Laura Curran continues to outstrip George Maragos in campaign fundraising and spending as he maintains his big cash advantage in the Democratic primary for Nassau County executive, new filings show.
Curran, a county legislator, had $445,492 on hand after spending $188,580 — more than three times the $57,410 she raised — from July 13 to Aug. 7, according to her report filed Friday with the state Board of Elections 32 days ahead of the Sept. 12 primary.
Maragos, the county comptroller, raised no money but still had more than $1.2 million on hand after spending $12,203. Maragos has loaned his campaign more than $1.4 million.
Curran, the choice of the Nassau County Democratic Committee, has raised more than $1 million since launching her campaign in November. She has spent heavily in the past month on staff, campaign literature and consulting, including more than $57,000 in polling services.
“Nassau residents are ready to give our County the fresh start it deserves, and for the real change my campaign is offering,” Curran said in a statement.
Some $15,000 of the money Curran raised in the past month came from other political committees. The Town of Oyster Bay Democratic Committee transferred $10,000 to Curran’s campaign; and the committees for two Democratic county Legislature candidates — Jeff Gold and Eileen Napolitano — each gave her $2,500.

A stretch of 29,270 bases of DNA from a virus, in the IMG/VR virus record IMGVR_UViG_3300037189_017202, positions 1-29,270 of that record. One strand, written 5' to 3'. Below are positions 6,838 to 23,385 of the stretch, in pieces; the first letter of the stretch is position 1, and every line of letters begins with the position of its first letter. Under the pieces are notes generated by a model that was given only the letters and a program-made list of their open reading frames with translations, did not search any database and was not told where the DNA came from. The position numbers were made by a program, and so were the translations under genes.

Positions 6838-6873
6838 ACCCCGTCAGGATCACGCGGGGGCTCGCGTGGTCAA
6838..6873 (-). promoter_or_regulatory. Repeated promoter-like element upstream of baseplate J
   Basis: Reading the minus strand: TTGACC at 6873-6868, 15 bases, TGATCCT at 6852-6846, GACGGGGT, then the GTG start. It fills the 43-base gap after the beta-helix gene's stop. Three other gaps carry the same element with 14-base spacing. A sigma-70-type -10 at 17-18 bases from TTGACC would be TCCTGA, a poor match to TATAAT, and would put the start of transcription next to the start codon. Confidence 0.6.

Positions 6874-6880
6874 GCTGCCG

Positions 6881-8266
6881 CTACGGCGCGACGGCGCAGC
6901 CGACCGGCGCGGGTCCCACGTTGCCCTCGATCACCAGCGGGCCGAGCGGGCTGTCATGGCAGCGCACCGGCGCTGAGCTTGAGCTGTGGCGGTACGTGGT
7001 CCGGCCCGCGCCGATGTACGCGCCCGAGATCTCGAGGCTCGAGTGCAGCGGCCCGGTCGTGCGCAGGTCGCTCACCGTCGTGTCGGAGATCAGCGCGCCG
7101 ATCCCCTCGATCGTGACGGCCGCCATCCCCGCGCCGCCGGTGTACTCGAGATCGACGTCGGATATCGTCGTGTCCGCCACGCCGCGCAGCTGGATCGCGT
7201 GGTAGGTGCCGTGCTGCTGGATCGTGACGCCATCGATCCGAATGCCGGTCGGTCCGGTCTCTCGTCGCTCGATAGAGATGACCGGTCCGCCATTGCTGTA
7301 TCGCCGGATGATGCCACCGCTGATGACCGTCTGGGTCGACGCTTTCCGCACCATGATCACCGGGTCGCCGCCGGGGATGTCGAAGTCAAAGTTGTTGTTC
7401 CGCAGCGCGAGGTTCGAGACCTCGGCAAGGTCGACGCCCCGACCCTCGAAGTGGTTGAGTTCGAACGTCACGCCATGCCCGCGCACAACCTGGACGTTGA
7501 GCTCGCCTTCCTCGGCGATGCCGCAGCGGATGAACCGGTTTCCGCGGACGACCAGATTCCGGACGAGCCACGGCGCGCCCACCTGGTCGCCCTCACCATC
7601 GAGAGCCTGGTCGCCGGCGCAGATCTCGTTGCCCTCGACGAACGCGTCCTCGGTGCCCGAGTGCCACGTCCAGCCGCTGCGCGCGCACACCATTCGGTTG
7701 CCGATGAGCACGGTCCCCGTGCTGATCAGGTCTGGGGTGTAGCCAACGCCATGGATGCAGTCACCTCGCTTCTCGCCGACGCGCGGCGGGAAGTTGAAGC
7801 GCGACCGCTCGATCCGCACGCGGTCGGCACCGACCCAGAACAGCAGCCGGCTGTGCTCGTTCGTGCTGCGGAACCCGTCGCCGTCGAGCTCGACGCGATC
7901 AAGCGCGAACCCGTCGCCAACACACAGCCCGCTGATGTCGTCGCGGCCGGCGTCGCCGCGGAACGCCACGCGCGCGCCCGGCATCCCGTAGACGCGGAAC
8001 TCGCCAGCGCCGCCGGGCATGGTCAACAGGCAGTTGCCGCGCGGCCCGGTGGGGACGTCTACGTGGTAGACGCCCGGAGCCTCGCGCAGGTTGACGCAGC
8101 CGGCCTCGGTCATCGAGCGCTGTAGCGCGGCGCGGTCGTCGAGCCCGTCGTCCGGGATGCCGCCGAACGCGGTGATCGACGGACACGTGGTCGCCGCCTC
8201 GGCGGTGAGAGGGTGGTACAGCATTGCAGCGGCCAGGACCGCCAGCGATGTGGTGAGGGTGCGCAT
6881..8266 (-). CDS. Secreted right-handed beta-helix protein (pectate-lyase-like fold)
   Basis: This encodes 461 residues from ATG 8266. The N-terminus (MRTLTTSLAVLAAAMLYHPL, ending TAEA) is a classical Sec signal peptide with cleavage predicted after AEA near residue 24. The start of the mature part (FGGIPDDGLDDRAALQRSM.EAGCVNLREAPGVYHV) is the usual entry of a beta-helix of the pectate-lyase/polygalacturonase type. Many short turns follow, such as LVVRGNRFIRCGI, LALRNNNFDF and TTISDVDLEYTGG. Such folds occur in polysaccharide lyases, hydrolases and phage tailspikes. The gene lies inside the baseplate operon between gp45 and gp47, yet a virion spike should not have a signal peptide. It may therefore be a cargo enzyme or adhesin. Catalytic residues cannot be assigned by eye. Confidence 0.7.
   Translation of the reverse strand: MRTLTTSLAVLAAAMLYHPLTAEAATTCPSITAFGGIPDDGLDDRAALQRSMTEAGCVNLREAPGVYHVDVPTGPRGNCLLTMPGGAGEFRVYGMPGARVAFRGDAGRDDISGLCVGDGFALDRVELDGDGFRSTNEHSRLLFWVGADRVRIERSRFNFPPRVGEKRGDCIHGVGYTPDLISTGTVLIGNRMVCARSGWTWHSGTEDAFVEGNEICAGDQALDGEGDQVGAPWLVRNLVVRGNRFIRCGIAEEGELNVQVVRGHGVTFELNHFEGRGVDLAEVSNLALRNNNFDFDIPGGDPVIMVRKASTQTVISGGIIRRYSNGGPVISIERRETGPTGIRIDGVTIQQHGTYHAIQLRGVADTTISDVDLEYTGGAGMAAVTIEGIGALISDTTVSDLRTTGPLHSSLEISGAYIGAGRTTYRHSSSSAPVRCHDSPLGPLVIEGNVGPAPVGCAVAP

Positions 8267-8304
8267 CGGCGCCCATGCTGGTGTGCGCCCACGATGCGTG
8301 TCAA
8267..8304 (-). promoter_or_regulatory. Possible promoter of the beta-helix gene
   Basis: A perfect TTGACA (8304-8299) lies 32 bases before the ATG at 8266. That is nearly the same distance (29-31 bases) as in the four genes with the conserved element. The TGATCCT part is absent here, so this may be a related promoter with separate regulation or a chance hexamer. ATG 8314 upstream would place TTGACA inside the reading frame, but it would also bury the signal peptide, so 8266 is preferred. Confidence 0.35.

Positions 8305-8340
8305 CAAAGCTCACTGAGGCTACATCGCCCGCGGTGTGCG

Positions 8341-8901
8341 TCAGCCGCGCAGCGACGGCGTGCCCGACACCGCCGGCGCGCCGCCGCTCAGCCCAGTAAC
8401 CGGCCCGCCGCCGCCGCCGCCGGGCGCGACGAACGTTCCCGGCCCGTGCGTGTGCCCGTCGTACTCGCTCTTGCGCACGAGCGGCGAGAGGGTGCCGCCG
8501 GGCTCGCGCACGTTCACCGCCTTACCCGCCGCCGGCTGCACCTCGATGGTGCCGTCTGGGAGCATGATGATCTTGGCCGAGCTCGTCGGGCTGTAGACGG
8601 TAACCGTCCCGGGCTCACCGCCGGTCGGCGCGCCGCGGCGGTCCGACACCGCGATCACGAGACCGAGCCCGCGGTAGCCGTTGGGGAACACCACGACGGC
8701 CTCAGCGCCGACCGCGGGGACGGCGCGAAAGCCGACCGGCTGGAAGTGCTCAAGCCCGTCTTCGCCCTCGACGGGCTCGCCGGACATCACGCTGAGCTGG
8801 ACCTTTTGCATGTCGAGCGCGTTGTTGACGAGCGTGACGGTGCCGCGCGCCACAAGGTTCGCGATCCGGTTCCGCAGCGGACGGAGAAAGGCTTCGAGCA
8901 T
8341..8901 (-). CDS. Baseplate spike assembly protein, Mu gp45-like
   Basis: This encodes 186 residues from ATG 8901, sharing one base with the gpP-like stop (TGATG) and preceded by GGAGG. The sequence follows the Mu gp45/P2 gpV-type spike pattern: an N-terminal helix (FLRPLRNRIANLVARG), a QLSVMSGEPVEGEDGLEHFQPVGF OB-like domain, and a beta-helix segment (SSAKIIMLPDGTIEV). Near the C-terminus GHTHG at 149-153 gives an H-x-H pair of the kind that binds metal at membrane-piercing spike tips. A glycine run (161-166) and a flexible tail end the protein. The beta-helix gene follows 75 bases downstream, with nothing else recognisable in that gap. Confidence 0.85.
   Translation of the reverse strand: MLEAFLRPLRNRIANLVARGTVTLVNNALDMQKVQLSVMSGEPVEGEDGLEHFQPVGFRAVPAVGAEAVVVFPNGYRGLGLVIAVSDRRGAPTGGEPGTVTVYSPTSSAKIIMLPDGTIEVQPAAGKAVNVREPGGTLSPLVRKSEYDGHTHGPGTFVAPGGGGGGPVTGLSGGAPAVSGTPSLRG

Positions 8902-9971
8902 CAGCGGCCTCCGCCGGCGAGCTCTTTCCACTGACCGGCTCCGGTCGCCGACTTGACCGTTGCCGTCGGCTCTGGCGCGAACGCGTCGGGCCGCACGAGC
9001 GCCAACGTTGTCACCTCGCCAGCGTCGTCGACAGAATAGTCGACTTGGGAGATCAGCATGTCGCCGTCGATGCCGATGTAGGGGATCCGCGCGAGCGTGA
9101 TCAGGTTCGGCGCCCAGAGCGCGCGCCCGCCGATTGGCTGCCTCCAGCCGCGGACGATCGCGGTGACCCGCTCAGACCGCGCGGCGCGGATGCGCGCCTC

The bulk of Maragos’ spending was on campaign consulting and literature. His filing shows no payments for wages to dedicated campaign staff, while Curran’s filing listed 11 paid staffers.
Maragos, a former Republican who switched parties in September, reimbursed himself $2,145 for literature that he paid for up front, his filing shows.
“The race for county executive should not be about who spends more but who is best qualified to make Nassau County affordable by lowering property taxes, building more affordable housing and improving public transit,” Maragos said in a statement.
Former state Sen. Jack Martins, the Republican candidate for county executive, did not have to file campaign finance reports Friday because he does not face a primary.
The three candidates are vying to replace Edward Mangano, the sitting Republican county executive who was indicted on federal corruption charges last fall. Mangano failed to get on the ballot with an established political party and did not have to file a campaign finance report.